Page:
Iranian calligrapher Javad Khouran has won the 3rd Hilya Calligraphy Competition in Istanbul, Turkey.
Khouran received a $50,000 cash prize from Turkish President Recep Tayyip Erdogan at the awards ceremony. Prominent guest Gholamhossein Amirkhani and jury member Ali Shirazi, both from Iran, were in attendance, along with several other artists from Iraq, Egypt, Syria, Turkey and Iran.
Other Iranian artists also received honorable mentions in the Nastaliq, Cursive Nastaliq, and other calligraphy styles, broadly used in copying Arabic words, romantic and epic Persian poetry and literary manuscripts.
The term Hilya (Turkish: Hilye) denotes a religious genre of Turkish literature, dealing with the physical description of Prophet Mohammad (PBUH). Hilya literally means "ornament". For Muslims who avoid visual representations depicting human beings, especially that of the prophets, the millenary expression within the Islamic tradition allowing for the portrayal of the person of Prophet Mohammad has been the Hilya, his pen portrait
Addressing the awards ceremony, President Erdogan praised the organizers and said calligraphy is an exceptional art that plays a key role in promoting the religion of Islam.
As always, this year’s competition was attended by prominent calligraphers from around the globe. The top prize of $20,000 went to Iranian calligrapher Habib Ramezanpour. Ten other Iranian artists also received awards and honorable mentions.
Addressing the ceremony, Hilya founder and curator Mehmet Cebi referred to Gholamhossein Amirkhani as a great artist, philosopher and elite, and called on him to publish articles in Turkey using the fine art of calligraphy.
Also addressing the crowd, Amirkhani emphasized the importance of calligraphy in a globalized world that no longer has borders, adding that the Hilya competition could and should play a key role in promoting the Hilya calligraphy in the world.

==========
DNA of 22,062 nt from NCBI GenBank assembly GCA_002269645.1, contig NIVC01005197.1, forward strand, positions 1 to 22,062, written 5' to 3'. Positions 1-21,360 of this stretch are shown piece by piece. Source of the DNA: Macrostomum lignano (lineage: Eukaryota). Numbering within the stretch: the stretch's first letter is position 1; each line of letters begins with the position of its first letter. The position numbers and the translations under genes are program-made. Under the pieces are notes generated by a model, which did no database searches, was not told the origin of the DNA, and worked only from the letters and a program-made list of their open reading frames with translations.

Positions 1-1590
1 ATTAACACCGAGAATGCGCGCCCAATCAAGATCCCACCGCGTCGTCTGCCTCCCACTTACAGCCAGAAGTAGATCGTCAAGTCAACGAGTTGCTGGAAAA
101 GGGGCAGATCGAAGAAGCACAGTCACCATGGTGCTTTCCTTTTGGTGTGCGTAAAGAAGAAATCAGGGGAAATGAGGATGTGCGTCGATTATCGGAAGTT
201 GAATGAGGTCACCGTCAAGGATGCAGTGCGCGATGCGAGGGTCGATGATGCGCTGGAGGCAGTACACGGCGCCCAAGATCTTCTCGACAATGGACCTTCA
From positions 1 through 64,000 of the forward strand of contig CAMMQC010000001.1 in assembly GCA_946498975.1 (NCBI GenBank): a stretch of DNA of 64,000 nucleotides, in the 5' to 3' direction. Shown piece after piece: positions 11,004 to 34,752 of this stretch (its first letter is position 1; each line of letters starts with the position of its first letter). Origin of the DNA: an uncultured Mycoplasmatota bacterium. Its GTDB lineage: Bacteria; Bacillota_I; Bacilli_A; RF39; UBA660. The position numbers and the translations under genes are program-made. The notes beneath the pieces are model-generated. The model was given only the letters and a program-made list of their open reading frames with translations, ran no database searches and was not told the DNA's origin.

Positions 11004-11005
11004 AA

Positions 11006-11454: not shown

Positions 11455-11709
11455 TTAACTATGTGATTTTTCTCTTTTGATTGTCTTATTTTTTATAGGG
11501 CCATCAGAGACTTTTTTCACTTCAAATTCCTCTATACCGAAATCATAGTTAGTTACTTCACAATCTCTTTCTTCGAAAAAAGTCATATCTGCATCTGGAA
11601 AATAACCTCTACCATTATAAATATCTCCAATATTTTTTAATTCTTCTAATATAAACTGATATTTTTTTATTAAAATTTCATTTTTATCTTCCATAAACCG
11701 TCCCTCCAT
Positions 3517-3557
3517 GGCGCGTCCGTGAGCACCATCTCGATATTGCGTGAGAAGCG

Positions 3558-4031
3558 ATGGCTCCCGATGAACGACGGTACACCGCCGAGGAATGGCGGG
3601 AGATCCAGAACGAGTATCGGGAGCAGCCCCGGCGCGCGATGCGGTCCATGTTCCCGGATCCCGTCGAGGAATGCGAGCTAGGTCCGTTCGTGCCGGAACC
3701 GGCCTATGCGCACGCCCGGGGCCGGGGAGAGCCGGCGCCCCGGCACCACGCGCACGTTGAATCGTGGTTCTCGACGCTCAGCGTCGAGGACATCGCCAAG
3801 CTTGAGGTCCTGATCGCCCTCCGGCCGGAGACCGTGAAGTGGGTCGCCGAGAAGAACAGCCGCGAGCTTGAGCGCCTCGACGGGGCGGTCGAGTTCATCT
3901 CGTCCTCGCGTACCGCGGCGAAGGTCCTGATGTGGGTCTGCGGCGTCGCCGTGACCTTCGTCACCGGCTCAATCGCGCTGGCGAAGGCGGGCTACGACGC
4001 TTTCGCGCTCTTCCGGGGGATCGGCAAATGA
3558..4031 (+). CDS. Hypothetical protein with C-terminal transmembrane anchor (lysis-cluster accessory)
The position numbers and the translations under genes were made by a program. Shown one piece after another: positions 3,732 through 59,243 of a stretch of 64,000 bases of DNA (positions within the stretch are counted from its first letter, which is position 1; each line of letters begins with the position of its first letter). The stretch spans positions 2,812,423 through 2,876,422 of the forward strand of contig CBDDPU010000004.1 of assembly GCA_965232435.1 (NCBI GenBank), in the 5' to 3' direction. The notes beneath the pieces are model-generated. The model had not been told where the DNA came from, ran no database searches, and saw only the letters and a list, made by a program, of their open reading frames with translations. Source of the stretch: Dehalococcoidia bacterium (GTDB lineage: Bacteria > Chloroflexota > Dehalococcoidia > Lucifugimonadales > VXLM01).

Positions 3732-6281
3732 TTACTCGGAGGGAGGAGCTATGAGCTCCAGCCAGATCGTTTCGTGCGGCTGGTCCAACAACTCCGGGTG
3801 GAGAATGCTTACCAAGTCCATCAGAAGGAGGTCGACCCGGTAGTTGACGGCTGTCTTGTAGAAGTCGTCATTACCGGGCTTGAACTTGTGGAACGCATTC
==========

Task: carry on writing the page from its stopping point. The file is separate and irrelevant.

He added, “Mankind is a divine trusteeship. After receiving the knowledge and the wisdom he should transfer it to the next generation accordingly. The text of Hilya is full of secrets about this knowledge and wisdom that we have inherited from previous generations. Hilya is a reflection of two fundamental principles of ethics and equivalence in behavior. They must be part and parcel of our modern times.
He concluded by saying that art is the savior of mankind; calligraphy is an exceptional art; and we could only master the art with pure feelings.
Also speaking, jury member Ali Shirazi said calligraphy is an Islamic culture and civilization heritage. “Calligraphy binds all Muslim nations together as it narrates and rewrites the outstanding beauties of Islam. Calligraphy is what the world and the world of art need today, as it has with it ethics and awareness. It is important for all Muslim nations to promote the potentials of this fine art. Iran and Turkey are the cradles of calligraphy and for that reason they have a bigger responsibility to help the Hilya competition make its mark in the world.”
In conclusion, Shirazi called on the organizers to invite jury members from other countries as well in order to make the annual event all-inclusive and truly global.
All the works awarded at the competition have been published in a book and all cash awards will be handed over to winners in a special ceremony later in Tehran. In the 2011 Hilya competition, 20 winners received total cash awards to the tune of $123,000 in Tehran.
Denoting quality, characteristic or form, as well as decoration or ornament, Hilya, within the Islamic context, refers to the literary genre which elaborates on the features and merits of Prophet Mohammad. The genre describing the characteristics, the physical, personal, and moral attributes and virtues, as well as the actions and behavior of God’s Messenger has an important place within Islamic literature and calligraphy.